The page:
CDC Opioid Guidelines

It is indeed another day and time to complete my deeper look at the origin and uses of Morphine Milligram Equivalents (MME). It is time to consider the uncertainty introduced in how MMEs are calculated and how that makes the research on MME a minefield of unintended errors and variation.
They are the foundation of the CDC's 2016 opioid guidelines, resulting in legislation that limits opioid prescribing in 36 states. Morphine milligram equivalents, or MMEs, are used to set arbitrary prescribing limits for opioids by physicians, since many state legislators fail to understand – and translate into policy and law – the ‘16 guidelines. If we had all known the history of MMEs, perhaps we would not have been so eager to embrace them.
The term "opioid epidemic" is outdated to the point where the message conveyed is inaccurate. Also, every time the phrase is used most people will automatically think "pills." But pills are now a minor contributor to overdose deaths; it is illegal street drugs – especially illicit fentanyl – that’s (by far) driving the surge in overdoses. Substituting the term "fentanyl epidemic" would instead shift the blame to where it belongs, while going a long way toward halting the demonization of vitally important medicines. Words matter.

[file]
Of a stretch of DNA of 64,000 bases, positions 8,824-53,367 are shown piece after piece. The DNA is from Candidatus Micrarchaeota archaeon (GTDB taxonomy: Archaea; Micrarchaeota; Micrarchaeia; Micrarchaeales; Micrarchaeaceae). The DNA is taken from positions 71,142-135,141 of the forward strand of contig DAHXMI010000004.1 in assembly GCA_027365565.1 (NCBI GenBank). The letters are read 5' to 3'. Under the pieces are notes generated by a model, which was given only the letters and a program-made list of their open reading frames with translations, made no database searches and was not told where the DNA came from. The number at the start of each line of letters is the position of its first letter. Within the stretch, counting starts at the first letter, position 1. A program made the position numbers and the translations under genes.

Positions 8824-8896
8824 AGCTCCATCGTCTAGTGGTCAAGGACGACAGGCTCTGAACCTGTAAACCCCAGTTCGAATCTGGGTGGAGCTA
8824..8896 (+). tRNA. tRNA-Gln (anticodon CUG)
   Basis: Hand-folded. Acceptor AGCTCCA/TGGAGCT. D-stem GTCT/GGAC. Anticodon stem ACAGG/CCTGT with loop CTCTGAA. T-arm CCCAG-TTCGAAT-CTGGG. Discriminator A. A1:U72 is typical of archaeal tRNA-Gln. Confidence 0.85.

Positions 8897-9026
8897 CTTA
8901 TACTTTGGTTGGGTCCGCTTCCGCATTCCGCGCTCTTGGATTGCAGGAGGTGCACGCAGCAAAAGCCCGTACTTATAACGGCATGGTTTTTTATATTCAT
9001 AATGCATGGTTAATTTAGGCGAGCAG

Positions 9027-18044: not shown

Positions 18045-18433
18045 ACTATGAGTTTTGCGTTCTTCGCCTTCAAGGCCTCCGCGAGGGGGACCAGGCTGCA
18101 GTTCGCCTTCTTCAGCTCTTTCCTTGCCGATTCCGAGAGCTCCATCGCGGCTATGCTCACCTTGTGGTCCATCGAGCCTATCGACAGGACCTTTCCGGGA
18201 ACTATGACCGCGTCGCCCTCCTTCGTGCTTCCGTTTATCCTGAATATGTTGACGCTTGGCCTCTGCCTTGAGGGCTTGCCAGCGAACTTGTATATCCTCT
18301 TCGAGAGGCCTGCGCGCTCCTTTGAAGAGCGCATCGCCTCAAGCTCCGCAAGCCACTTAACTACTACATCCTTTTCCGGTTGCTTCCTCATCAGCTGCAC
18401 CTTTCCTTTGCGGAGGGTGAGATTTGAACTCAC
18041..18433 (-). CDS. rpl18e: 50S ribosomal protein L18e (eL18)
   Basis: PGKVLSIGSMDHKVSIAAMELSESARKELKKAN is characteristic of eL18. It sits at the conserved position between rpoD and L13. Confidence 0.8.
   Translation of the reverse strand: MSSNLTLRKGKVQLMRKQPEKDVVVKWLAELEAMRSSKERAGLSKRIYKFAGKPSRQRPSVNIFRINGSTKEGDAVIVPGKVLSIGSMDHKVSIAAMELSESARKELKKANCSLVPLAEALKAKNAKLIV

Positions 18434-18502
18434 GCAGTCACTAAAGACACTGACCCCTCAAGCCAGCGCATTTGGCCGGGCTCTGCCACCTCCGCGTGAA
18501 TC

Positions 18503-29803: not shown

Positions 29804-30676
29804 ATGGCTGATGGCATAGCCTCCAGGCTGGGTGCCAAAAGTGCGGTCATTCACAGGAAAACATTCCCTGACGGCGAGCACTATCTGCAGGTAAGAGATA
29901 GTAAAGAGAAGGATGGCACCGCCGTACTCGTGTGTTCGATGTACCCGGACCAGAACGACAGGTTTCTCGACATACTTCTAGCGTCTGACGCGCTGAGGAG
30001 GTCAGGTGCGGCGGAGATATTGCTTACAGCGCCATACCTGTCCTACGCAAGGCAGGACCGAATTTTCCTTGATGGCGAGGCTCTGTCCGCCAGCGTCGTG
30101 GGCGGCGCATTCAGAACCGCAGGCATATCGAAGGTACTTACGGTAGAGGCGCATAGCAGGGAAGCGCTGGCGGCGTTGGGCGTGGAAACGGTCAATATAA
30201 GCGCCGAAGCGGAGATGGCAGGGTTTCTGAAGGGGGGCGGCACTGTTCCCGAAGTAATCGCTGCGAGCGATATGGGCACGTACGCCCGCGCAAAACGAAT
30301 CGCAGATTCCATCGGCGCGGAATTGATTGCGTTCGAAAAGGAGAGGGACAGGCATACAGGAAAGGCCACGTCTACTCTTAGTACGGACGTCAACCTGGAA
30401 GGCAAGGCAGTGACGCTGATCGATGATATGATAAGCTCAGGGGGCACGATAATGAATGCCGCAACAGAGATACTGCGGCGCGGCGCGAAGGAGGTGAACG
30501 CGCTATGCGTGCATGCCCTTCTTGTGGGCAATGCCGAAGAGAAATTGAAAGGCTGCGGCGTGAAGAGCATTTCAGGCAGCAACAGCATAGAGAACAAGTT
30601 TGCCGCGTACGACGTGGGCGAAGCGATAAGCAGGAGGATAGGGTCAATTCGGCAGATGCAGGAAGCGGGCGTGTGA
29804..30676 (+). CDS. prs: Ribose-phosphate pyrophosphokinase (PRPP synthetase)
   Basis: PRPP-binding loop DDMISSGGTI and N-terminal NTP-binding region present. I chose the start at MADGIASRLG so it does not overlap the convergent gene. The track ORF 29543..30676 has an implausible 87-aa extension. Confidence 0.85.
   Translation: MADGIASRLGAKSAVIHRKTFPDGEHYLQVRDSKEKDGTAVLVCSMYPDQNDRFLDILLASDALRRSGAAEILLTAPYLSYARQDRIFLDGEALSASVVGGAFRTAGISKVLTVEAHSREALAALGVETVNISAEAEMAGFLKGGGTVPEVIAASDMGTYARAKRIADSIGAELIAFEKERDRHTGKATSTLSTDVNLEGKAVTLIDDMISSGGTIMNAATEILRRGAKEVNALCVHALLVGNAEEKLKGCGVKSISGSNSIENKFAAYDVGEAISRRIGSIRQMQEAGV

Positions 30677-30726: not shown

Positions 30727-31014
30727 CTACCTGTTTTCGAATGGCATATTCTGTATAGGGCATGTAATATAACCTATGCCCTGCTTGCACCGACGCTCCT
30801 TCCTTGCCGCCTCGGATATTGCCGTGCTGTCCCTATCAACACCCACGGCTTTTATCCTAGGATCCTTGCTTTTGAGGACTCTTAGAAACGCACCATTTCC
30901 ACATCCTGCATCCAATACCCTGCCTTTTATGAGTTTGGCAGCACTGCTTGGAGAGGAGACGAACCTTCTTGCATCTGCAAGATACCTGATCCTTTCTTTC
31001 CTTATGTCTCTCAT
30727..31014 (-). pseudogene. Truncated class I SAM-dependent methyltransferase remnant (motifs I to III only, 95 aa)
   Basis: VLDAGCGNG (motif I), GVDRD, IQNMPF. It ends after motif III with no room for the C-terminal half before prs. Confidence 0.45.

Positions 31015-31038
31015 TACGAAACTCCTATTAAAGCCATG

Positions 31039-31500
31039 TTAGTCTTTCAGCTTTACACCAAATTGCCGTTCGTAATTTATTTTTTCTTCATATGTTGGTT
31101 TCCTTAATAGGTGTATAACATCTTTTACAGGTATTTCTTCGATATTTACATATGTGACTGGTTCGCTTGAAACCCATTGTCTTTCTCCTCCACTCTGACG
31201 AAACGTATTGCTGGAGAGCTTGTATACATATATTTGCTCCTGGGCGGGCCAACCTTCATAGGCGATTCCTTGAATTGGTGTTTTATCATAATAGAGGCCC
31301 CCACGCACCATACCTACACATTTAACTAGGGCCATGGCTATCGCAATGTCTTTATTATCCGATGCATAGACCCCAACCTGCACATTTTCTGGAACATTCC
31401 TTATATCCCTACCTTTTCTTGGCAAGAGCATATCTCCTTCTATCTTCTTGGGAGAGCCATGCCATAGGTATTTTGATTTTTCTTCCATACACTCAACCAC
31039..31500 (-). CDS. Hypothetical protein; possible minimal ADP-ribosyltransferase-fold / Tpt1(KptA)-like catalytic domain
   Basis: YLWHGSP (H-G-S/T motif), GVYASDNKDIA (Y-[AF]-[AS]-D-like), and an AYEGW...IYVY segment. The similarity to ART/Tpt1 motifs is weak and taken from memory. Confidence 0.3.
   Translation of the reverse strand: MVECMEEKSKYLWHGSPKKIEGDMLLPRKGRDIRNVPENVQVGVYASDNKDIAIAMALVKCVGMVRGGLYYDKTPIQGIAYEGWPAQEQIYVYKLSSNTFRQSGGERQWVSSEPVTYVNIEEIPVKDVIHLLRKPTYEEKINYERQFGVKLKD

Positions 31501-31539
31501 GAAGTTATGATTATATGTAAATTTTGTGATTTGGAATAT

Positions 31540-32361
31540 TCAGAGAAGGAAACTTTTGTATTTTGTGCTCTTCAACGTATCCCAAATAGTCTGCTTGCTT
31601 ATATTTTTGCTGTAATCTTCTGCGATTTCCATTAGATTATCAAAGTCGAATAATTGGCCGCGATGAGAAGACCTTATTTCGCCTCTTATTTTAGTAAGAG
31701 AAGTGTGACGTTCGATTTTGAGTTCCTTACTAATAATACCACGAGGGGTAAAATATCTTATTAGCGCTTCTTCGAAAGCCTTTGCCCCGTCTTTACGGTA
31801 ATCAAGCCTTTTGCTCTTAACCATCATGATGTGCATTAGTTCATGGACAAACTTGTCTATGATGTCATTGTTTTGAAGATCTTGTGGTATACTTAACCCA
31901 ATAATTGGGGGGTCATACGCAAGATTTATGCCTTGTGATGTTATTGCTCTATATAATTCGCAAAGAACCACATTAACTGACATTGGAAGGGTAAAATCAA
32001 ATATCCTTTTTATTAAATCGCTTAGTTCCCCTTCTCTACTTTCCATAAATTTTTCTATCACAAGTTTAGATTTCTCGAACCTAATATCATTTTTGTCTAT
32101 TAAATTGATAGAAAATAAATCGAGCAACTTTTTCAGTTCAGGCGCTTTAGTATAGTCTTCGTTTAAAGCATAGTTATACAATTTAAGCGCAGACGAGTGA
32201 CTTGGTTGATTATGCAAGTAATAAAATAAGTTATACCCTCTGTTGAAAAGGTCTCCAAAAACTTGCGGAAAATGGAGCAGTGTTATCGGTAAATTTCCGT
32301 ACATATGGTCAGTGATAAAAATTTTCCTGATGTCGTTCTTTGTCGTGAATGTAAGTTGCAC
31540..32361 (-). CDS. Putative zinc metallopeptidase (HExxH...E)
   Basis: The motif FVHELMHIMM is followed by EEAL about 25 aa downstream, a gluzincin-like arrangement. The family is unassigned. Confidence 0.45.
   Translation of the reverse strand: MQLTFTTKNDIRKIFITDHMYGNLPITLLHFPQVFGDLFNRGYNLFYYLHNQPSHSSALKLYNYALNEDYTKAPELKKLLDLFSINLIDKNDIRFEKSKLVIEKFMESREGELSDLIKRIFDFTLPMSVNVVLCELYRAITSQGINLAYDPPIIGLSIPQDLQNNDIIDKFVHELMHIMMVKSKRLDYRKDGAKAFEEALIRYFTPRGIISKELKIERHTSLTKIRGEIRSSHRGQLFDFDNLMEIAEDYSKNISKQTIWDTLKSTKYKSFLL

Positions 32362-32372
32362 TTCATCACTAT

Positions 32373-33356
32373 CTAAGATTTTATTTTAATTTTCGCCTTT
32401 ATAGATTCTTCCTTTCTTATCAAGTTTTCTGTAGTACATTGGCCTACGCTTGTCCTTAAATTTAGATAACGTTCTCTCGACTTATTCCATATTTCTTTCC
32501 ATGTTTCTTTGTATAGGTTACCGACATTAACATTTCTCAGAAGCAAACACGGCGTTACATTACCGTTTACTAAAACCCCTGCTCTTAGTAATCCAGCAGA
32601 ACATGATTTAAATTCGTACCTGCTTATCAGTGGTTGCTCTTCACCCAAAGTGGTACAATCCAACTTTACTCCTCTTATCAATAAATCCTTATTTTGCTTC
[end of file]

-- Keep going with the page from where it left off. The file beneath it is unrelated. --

The FDA is conducting a workshop to discuss the science (lack thereof, really) of Morphine Milligram Equivalents as it applies to the atrocious CDC 2016 Opioid Prescribing Guidelines. Public comments have been solicited. Here are mine.
Despite irrefutable pharmacological evidence of the wide range in individuals' metabolism of opioid drugs, states continue to impose "one-size-fits-none" laws. For example, Massachusetts, apparently not entirely at peace with the abolition of the Salem witch trials, became the first state to establish a seven-day limit on first-time opioid prescriptions. Others followed. It's safe to say that no one is really paying attention to the science. So, here it is. Again.
It's no secret that the CDC's 2016 Advice on opioid prescribing, by any measure, has been an unmitigated disaster. Dr. Red Lawhern, ACSH advisor and pain patient advocate, spares no one in his discussion of the egregious mistakes that the CDC made -- and continues to make.